Talking About Minnesota
Feb. 7, 2014
BLOOMINGTON, Ind. - Indiana head coach Tom Crean met with members of the media on Friday to preview Saturday's game at Minnesota. Below is a complete transcript of what he had to say.
Indiana Head Coach Tom Crean
On the differences for Minnesota with Andre Hollins and without him in the lineup:
"But Andre gives them a bon-a-fide lead-guard and one of the better ones in the country because he can score, he can shoot with range, he can get people shots, he can defend; he is very crafty and very cerebral. There are so many different things that he brings to the table.
"I'm sure after one game under his belt (after the injury) and getting that much more healthy, he is going to be the tough matchup that he always is.
"They have outstanding guard play and excellent team toughness, there is no question about that. They have a front line that is experience and been down the line and done so many different things. This just adds to them being that much more of a tough opponent because they put someone in there that absolutely knows how to get it done."
On the differences and similarities between styles of play for Richard Pitino (Minnesota) and his dad, Rick Pitino (Louisville):
"That's what makes this league so good - there is a vast number of different ways to do it and you have to prepare for so many different things. I think the one thing that has always stood out about Rick's teams is how hard of a preparation they were because of how many different things you had to get ready for. And Richard is the same way, there's no question."
"For example, if a team wants to play through the middle to create 3-point shots, well you can't get sucked into the middle and allow those 3-point shots. If you can't get beat off the dribble because they can make the drive-and-kick pass for an open 3-point shot, then you can't over-help on the dribble. Those are the discipline things that it has taken us time to learn. We have been consistent at times and at other times we haven't been as consistent.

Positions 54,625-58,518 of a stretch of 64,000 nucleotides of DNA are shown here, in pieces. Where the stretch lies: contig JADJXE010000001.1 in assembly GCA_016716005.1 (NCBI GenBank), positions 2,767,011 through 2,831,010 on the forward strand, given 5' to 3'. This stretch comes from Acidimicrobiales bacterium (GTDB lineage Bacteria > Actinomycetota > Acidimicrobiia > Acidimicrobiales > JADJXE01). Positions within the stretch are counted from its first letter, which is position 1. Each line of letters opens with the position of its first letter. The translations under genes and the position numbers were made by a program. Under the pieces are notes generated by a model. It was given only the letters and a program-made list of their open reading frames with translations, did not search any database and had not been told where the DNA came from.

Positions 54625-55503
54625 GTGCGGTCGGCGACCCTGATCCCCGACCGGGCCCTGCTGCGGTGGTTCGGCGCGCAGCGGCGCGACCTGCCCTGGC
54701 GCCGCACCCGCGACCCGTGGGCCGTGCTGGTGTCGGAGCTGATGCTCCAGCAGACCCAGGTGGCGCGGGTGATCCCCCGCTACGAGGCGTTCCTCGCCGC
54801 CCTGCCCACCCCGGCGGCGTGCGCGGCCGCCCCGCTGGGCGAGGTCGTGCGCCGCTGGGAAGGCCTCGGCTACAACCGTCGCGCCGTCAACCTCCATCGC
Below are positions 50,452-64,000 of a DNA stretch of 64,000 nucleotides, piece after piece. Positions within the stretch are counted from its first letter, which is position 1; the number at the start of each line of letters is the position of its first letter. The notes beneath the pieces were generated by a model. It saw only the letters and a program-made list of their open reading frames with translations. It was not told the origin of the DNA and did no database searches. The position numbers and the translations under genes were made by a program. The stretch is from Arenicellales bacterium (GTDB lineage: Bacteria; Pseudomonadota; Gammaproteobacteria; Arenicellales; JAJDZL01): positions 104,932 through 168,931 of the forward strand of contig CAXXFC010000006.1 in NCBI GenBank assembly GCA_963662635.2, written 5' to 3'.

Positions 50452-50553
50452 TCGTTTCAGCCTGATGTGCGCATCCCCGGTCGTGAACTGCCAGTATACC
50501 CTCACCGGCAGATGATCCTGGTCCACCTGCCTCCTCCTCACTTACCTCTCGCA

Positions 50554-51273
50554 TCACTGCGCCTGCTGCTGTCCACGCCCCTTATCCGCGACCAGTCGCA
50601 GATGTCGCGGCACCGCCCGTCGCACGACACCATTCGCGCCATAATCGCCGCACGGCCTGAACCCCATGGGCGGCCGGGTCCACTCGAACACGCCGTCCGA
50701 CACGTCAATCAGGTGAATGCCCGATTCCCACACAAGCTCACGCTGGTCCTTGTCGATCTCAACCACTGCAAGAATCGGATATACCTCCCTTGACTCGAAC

"We spend an awful lot of time on it and I think the guys are getting more and more well-versed in what those things are. But in this league, every night is a different night and every team has a different way of playing and winning. The better you are at the details and the fundamentals and the closeouts and the shot challenges and the communication -whether you are staying with something or switching something, whether you are in man or in zone - whatever those things are, you have to stay consistent. And that's what we have to continue to build."
On what makes Williams Arena a tough place for opponents:
"The first thing that comes to mind is the raised floor. There is no question that takes a little bit of getting used to for a player, especially when you are bringing a new team in. Their fans are fantastic and very loud. It's just a great building, not only in this league, but in the country for college basketball. I think that's the biggest thing.
"But the team on the floor has a lot to do with it. If I had to pick only one thing, though, it would be getting used to the raised floor."
On Will Sheehey becoming the so-called "captain" of the defense:
"(In the Michigan game last week), the way we were defending and having a defensive `captain' more or less, was very important. It was his role and then one we felt that Jeff Howard could handle, which is why we put him in when we did for Will.
"But Will can guard numerous people. He can guard, literally, any position. There are very few players in the country that you can say can guard any position, but he can. Some can do it more than others, but not much. There are very few things, situationaly, that we would be hesitant to put him in defensively.